Feeling is the Thing that Happens in 1000th of a Second
A Season of Cricket Photographer Patrick Eagar: LONGLISTED FOR THE WILLIAM HILL SPORTS BOOK OF THE YEAR 2017
By Christian Ryan
A book which centres on the most significant all-time figure in cricket words and pictures, photographer Patrick Eagar
LONGLISTED FOR THE WILLIAM HILL SPORTS BOOK OF THE YEAR 2017
'Exquisite' Gideon Haigh
'Magical, a head rush, a marvel' Rahul Bhattacharya
'Startlingly original' Matthew Engel
In 1975 Patrick Eagar took some photographs which were unlike any cricket photographs anyone had seen before.
It was the summer of an Ashes and a World Cup (cricket's first), a near last-gasp summer before revolution when cricket was still a sport of helmetless faces and green fields with no advertising paint on them. A clamour of rare glamour descended on England: Thommo and D.K., baby-cheeked Viv Richards, careworn David Steele, lithe supercat Clive Lloyd, the Chappell brothers, Andy Roberts, Tony Greig, Doug Walters, trails of cigarette smoke gusting in his wake. From this raw material, a thirty-one-year-old with an expired Sports Illustrated subscription and a love of long lenses found something almost magical.
Eagar's pictures reveal that "feeling is the thing that happens in 1000th of a second". So this is a cricket book about photography and what it can do - tell the future and show human beings in ways not available to our eyes. It is part detective story, (and reconstruction of one of cricket's greatest summers), part biography, part wild-roaming conversation, part essay on the power of the image, myth and reality. It shows Christian Ryan as one of the most elegant and perceptive writers on sport today.
With seventy black-and-white and colour photographs by Patrick Eagar and other seminal photographers, it is is essential reading (and looking) for ardent fans and will exhilarate those who know nothing about cricket.
Christian Ryan is one of the most stylish and intelligent of writers on the sport today. He was awarded UK Cricket Book of the Year in 2010 for Golden Boy, his book on Kim Hughes's tempestuous period as Captain of the Australian Cricket team.
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- Publication date:
07 Sep 2017
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A brilliant photographer, a brilliant writer - and one of the most startlingly original cricket books ever published — Matthew Engel
Christian Ryan is cricket writing's most exquisite miniaturist, capable of revealing whole worlds with a knowing glance. In the peerless Patrick Eagar, he finds his perfect subject — Gideon Haigh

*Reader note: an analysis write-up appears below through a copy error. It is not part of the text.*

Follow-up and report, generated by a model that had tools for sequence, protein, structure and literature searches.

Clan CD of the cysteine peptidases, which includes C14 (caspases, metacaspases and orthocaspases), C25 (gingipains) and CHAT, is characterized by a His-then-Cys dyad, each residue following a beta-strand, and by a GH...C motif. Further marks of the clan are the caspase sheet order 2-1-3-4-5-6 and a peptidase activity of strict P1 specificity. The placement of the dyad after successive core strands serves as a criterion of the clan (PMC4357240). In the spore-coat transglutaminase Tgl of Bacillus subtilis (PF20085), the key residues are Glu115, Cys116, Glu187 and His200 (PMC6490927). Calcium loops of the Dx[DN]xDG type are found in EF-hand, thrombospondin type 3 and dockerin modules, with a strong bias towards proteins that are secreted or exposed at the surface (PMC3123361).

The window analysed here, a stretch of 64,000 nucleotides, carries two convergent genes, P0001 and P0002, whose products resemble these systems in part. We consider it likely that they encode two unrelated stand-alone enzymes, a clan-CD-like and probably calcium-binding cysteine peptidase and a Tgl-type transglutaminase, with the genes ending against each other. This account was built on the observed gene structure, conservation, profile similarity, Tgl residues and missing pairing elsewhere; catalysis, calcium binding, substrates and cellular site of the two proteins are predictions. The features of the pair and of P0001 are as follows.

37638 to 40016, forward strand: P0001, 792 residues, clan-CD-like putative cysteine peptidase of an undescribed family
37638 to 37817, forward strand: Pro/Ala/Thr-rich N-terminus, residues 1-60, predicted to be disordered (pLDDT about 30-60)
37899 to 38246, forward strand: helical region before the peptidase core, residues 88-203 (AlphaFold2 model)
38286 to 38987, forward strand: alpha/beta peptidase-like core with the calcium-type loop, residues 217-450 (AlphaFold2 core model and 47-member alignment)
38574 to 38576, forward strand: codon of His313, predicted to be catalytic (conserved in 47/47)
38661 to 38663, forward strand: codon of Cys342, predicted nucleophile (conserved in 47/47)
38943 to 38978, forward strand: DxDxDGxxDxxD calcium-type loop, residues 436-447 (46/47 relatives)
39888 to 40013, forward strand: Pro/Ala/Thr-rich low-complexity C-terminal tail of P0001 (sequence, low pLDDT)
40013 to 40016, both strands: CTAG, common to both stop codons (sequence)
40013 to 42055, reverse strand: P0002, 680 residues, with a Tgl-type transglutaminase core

Feeling is magical, a head rush, a marvel. It takes one summer many summers ago in the life of a cricket photographer and conjures something timeless and human. The breadth of artistic insight, the exhilarating diversions, connections and epiphanies, the miraculous details, the structural genius - taut and unspooling like John McPhee's Levels of the Game, but wilder - are propelled by an unaccountable suspense. What, you find yourself asking, will this gentle, extraordinary photographer do next? Where will this brilliant, obsessed writer take you next? Can he pull it off? Shouldn't be able to. Does he pull it off? Yes, yes, yes. — Rahul Bhattacharya, Ondaatje Prize-winning author of Pundits from Pakistan
Patrick Eagar, the genius photographer of cricket's modern era, has retired now, leaving behind a treasure trove of images . . . The summer of 1975, when Australia's fast bowlers came to terrorise, and the first World Cup was staged. It is a fascinating study of Eagar's art before the internet, and the digital age. — Mike Atherton, The Times
What Eagar got out of it is a photograph of Thomson like no other . . . Other photographs may say more about the game of cricket, but no other picture better conveys the intent of the fast bowler who at the moment of delivery has eyes only for the batsman at the other end of the wicket. He's in for the kill. — Inigo Thomas, London Review of Books
Christian Ryan takes a bunch of photographs from that season and reverses the tired cliché about a picture and a thousand words. In thousands of words, he spells out the magic contained in a kind of cricket photograph whose like we do not see so much these days. — Sharda Ugra, Cricket Monthly